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Meth Withdrawals

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Meth abuse is a huge issue, especially in the U.S. The drug is very powerful, and it is very dangerous due to its high potential of sparking an addiction. It can be easily prepared with simple ingredients and can be bought more commonly than other drugs.

If an addict tries giving up on the drug, withdrawal symptoms will appear, and they are very difficult to handle alone. Getting professional help is the only way to make sure the person gets over the addiction. It also ensures that the former addict will treat underlying issues that may have led to the problem in the first place.

Therefore, it is important to know where you can get this kind of support so that you can have a smooth transition to a normal, better life.

What is Meth?

Methamphetamine is a stimulant drug that is very powerful and addictive. It looks like a white powder or as whitish and bluish rocks that are very small. Many people also call it ice, crank, glass, shards, and various other nicknames. The powder dissolves very easily in alcohol or water.

It first appeared in the 20th century when it was developed from amphetamine, its parent drug. Initially, it was used in bronchial inhalers and nasal decongestants. Since it is developed from amphetamine, it also shares some of the same effects.

Consuming methamphetamine can result in a decreased appetite, talkativeness, and euphoria, which is why the drug is so addictive. At the same time, methamphetamine is a bit different from amphetamine because larger amounts of the drug reach the brain. As a result, it is a stronger stimulant, and the effects on the central nervous system are more harmful. Besides, its effects are long-lasting as well.

Methamphetamine has a bitter taste and is odorless. The U.S. Drug Enforcement Administration classified it as a Schedule II stimulant. That being said, it isn’t available legally unless there is a nonrefillable prescription offered.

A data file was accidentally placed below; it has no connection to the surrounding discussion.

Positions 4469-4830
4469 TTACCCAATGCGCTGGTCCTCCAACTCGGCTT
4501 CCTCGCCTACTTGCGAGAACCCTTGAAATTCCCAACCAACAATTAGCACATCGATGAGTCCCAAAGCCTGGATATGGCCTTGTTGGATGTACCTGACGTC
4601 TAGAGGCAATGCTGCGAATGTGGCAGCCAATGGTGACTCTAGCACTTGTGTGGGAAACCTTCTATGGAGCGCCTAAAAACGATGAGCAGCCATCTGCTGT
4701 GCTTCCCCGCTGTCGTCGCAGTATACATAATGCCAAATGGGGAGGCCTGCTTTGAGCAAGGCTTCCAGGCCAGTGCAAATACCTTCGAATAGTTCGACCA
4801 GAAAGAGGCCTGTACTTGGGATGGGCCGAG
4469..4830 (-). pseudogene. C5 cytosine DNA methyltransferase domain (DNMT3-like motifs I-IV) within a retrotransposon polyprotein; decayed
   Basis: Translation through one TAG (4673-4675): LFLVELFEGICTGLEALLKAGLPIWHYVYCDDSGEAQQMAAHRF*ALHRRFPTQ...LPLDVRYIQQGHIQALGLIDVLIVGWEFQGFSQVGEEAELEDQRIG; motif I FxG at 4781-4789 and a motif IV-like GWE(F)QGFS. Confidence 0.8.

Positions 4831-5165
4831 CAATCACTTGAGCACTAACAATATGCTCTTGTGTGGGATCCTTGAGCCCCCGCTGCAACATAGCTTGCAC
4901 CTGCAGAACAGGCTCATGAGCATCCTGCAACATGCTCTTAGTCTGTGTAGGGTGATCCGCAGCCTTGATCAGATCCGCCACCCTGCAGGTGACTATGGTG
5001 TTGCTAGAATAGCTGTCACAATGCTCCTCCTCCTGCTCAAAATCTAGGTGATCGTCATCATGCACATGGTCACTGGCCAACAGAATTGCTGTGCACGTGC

In medicine, it is often used as a short-term component in weight loss, but also to treat ADHD. However, it is important to know that the drug is prescribed rarely, and the uses are limited. Even in cases when it is prescribed, the recommended dose is much lower than the amount abused by addicts.

Those who misuse the drug tend to smoke or snort it. Also, since it can be made from ingredients purchased from the drug store, it is largely available to a lot of people.

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Meth Addiction Symptoms

There are usually some telltale signs that someone is dealing with a meth addiction. Symptoms to look out for include:

  • Dilated pupils
  • Agitation
  • Irritability
  • Scratching intensely
  • Skin sores
  • Acne
  • Paranoia
  • Twitching, jerky movements, and facial tics
  • Hyperactivity
  • Rotting teeth
  • Decreased appetite
  • Fast eye movement
  • Mood swings or outbursts
  • Bad sleeping patterns
  • Burns, especially on the fingers and lips
  • An obvious and sudden weight loss
  • Tweaking – a period of insomnia and anxiety that usually lasts for 3-15 days
Meth Addict Withdrawals

Meth Withdrawal Symptoms

When one tries to give up on meth, either because they want to or because they are forced to, they will deal with some withdrawal symptoms. The symptoms they experience will vary from person to person.